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UDS is part of the Forte development tool Sun acquired in 1999. It used a fourth-generation programming language (4GL), which was a popular approach to software development during the 1990s.
One of the attractions of a 4GL was that it generated source code automatically, based on the design created with the tool. Users now prefer automatic code generation based on standard programming languages (also known as third-generation languages) such as C and Java.
As a consequence, Sun has set out a roadmap to end support for Forte by 2009 and migrate users onto a Java-based development platform.
Responding to an advice note from analyst firm Gartner, Sun confirmed to Computer Weekly that existing users of Forte would have to pay more if they wanted to use the code, even though it is being phased out.
Gartner said Sun had promised companies in the US a 15% credit towards the cost of professional services to help them migrate from UDS to Java, but as yet there have been no details of how UK users will be compensated.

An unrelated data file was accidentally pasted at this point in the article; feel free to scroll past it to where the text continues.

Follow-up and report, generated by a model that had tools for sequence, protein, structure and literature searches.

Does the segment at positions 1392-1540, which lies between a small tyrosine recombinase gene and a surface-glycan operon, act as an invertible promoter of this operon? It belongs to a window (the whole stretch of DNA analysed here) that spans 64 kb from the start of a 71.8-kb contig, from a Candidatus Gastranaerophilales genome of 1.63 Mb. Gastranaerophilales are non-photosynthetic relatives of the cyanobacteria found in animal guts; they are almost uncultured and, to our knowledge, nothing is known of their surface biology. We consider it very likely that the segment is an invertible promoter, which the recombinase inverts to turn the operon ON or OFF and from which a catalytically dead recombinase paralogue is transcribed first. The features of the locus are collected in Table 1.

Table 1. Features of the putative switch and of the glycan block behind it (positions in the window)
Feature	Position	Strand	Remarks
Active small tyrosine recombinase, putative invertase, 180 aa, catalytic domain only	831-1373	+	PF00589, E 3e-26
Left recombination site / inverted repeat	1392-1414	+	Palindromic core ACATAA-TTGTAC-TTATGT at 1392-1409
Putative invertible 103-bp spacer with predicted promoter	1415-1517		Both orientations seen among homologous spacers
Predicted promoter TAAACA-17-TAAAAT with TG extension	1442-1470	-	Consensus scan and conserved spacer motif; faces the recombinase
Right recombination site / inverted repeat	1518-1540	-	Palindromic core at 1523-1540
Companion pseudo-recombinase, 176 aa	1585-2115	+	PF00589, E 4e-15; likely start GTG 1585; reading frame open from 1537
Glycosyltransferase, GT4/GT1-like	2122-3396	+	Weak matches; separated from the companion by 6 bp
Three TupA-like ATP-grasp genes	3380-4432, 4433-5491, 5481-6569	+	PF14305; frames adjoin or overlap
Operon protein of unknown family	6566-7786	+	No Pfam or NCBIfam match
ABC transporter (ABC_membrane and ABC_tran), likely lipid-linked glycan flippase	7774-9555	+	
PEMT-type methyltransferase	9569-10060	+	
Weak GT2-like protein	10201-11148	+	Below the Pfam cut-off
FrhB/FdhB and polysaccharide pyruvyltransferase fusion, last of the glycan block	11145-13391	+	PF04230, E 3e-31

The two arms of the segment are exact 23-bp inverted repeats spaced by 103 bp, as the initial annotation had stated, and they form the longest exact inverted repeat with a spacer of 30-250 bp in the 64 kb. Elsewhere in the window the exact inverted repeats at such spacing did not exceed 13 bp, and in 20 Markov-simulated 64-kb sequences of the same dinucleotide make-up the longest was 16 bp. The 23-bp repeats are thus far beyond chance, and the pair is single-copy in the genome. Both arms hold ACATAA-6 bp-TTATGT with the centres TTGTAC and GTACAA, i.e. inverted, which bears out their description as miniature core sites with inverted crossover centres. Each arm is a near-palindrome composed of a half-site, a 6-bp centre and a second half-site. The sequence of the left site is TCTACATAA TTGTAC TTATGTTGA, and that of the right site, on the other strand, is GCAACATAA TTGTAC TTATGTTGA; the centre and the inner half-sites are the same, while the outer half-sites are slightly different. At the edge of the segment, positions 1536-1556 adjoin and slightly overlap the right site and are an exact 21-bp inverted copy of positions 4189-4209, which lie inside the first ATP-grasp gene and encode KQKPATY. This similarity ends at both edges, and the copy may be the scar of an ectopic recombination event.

Users running Forte are likely to face an increase in support costs, a Sun spokesman said. "As mentioned in the report from Gartner, maintenance will increase to maintain an adequate support infrastructure for the life of the product and to fund migration assistance."
Although details of the migration for Forte users have yet to be revealed, Sun confirmed that after September 2006 UDS will continue to support Windows, Sun Solaris servers and Oracle databases. Support for these will end in April 2009.